20 April 2010
Sat within Banff National Park, the Rocky Mountain resorts of Mount Norquay, Sunshine Village and Lake Louise are universally regarded as North America's most scenic ski area.
"The expansive skies and wide open valleys give an immediate feeling of space and serenity," explains Mark Taylor, Wexas ski specialist, who recently returned from a promotional trip to Banff, courtesy of leading ski tour operator, Inghams. "It's totally different from arriving in a European Alpine resort. Instead of twisting mountain passes, the route into the park takes a broad straight road, either side of which stand snow-laden forests of pine, spruce and larch, home to elk, caribou and black and grizzly bears - a bonus for camera-toting wildlife enthusiasts."
"If it weren't for the crisp cold air and occasional ski shop," continues Nicola Michael, who accompanied Mark on the trip, "you might not realise that Banff was a ski town. It has just the same attractions as any town in North America - bars, clubs, restaurants and shopping malls - so theres as much to do off the slopes as there is on them."
its true that Banff is far from your typical ski resort, particularly if you compare it to those in Europe. For a start, there are no ski lifts in town. The locals' favourite ski spot, Mount Norquay, has a small collection of tree-lined runs up the hill from town, but the nearest major ski area is at Sunshine Village, a 20-minute transfer away; the other main area being Lake Louise, a 45-minute drive away.
"But dont be put off," insists Mark. "Transfers to all resorts run regularly throughout the day and are included in the price of your ski pass. The jaw-dropping drive through the national park is a pleasure, not a chore, and together, these mountains offer some of the best skiing in the world. Sunshine Village, for example, has an average snowfall of 10 m each winter, so powder days are the norm, not the exception."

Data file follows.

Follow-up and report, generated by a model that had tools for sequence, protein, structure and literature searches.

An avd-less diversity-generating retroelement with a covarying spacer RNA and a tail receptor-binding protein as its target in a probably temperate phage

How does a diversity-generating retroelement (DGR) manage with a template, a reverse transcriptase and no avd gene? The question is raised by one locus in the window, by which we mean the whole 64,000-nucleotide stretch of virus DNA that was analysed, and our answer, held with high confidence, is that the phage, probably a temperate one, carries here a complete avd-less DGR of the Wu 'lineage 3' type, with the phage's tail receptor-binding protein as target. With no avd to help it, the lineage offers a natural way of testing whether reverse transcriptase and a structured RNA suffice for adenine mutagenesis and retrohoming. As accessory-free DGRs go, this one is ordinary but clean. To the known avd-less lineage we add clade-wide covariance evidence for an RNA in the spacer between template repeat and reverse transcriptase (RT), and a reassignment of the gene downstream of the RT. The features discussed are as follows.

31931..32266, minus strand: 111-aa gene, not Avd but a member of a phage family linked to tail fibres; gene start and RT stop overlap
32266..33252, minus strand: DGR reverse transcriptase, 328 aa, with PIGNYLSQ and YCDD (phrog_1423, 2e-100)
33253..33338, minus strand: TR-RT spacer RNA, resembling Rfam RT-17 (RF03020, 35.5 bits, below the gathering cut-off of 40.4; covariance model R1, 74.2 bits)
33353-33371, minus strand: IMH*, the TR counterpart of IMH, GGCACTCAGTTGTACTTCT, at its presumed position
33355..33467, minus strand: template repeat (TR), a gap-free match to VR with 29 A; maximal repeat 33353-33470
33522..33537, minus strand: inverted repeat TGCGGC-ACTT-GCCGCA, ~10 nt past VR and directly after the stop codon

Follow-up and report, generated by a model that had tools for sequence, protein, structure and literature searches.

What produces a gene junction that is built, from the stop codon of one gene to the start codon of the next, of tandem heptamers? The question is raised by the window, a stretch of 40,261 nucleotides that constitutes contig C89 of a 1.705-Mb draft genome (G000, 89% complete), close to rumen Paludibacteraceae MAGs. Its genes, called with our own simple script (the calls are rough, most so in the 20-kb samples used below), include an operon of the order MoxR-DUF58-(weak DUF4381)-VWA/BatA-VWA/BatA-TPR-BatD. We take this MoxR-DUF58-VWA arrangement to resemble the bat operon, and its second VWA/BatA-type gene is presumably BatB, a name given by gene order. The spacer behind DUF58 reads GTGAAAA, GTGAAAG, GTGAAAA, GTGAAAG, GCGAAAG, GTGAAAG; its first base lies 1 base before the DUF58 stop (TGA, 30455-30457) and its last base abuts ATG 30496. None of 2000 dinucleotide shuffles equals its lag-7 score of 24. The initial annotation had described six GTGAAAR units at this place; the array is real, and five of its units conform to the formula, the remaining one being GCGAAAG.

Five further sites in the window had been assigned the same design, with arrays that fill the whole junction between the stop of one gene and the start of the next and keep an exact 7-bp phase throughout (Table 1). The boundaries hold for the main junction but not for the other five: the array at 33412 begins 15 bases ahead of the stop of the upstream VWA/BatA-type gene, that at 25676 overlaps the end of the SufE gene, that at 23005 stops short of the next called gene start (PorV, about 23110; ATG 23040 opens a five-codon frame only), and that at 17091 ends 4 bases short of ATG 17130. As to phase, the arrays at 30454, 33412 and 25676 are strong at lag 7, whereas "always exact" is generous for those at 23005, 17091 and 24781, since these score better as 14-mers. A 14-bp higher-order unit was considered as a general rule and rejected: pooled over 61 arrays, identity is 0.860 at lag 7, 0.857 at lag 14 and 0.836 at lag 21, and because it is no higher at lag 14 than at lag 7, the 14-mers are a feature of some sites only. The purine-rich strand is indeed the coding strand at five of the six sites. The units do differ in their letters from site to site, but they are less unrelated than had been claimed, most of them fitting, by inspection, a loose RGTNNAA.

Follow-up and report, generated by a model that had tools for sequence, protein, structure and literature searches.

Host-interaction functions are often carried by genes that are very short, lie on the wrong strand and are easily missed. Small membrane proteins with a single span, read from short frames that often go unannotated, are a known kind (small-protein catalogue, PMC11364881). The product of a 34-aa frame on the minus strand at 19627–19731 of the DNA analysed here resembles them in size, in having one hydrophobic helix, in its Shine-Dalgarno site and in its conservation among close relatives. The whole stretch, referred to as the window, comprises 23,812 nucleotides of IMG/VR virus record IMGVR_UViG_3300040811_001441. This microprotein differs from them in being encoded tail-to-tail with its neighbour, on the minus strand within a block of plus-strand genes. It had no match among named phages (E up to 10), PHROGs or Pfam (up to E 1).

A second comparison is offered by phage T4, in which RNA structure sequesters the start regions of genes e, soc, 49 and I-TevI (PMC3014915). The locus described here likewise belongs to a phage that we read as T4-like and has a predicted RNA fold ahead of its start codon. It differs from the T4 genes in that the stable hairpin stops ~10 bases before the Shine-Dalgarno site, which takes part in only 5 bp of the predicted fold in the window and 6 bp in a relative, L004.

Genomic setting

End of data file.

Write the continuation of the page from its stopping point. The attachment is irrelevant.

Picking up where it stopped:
"There are other advantages too," continues Nicola. "There are rarely any queues for the lifts and the slopes are so wide that crowding is never an issue. Europe, by contrast, begins to feel like a bun fight. Sunshine Village is especially good for beginners and intermediates. Unlike most European resorts, where the easier slopes tend to be at the base of the mountain, beginners here can ski right from the top and get down without a problem, taking in the views as they go."
"Advanced skiers are well catered for too," adds Mark. "Sunshine Village has a famous freeride area, 'Delirium Dive', where a 40- degree pitch is considered gentle. Lake Louise has the largest single collection of slopes in the Rockies, spread over high open flanks, tree-lined trails and the renowned back bowls. The great thing about Canada is you can ski where you want within the boundaries of the park, though you're advised to carry avalanche packs if you plan on straying far.
" Both Sunshine Village and Lake Louise also offer complimentary guiding at designated times of day. All you need do is arrive with your skis at the allotted time and place - a great way to get your bearings.
Nicola and Mark stayed at Caribou Lodge on the main Banff Avenue. The attractive and homely 4-star lodge features 195 wellappointed rooms, a steakhouse restaurant and bar, heated underground parking, exercise room and spa complete with hot pool and steam room.
At the other end of town, The Fairmont Banff Springs stands in princely splendour, styled like a Scottish baronial castle and offering stunning vistas, a championship golf course, exceptional regional cuisine, a renowned spa and indulgent service.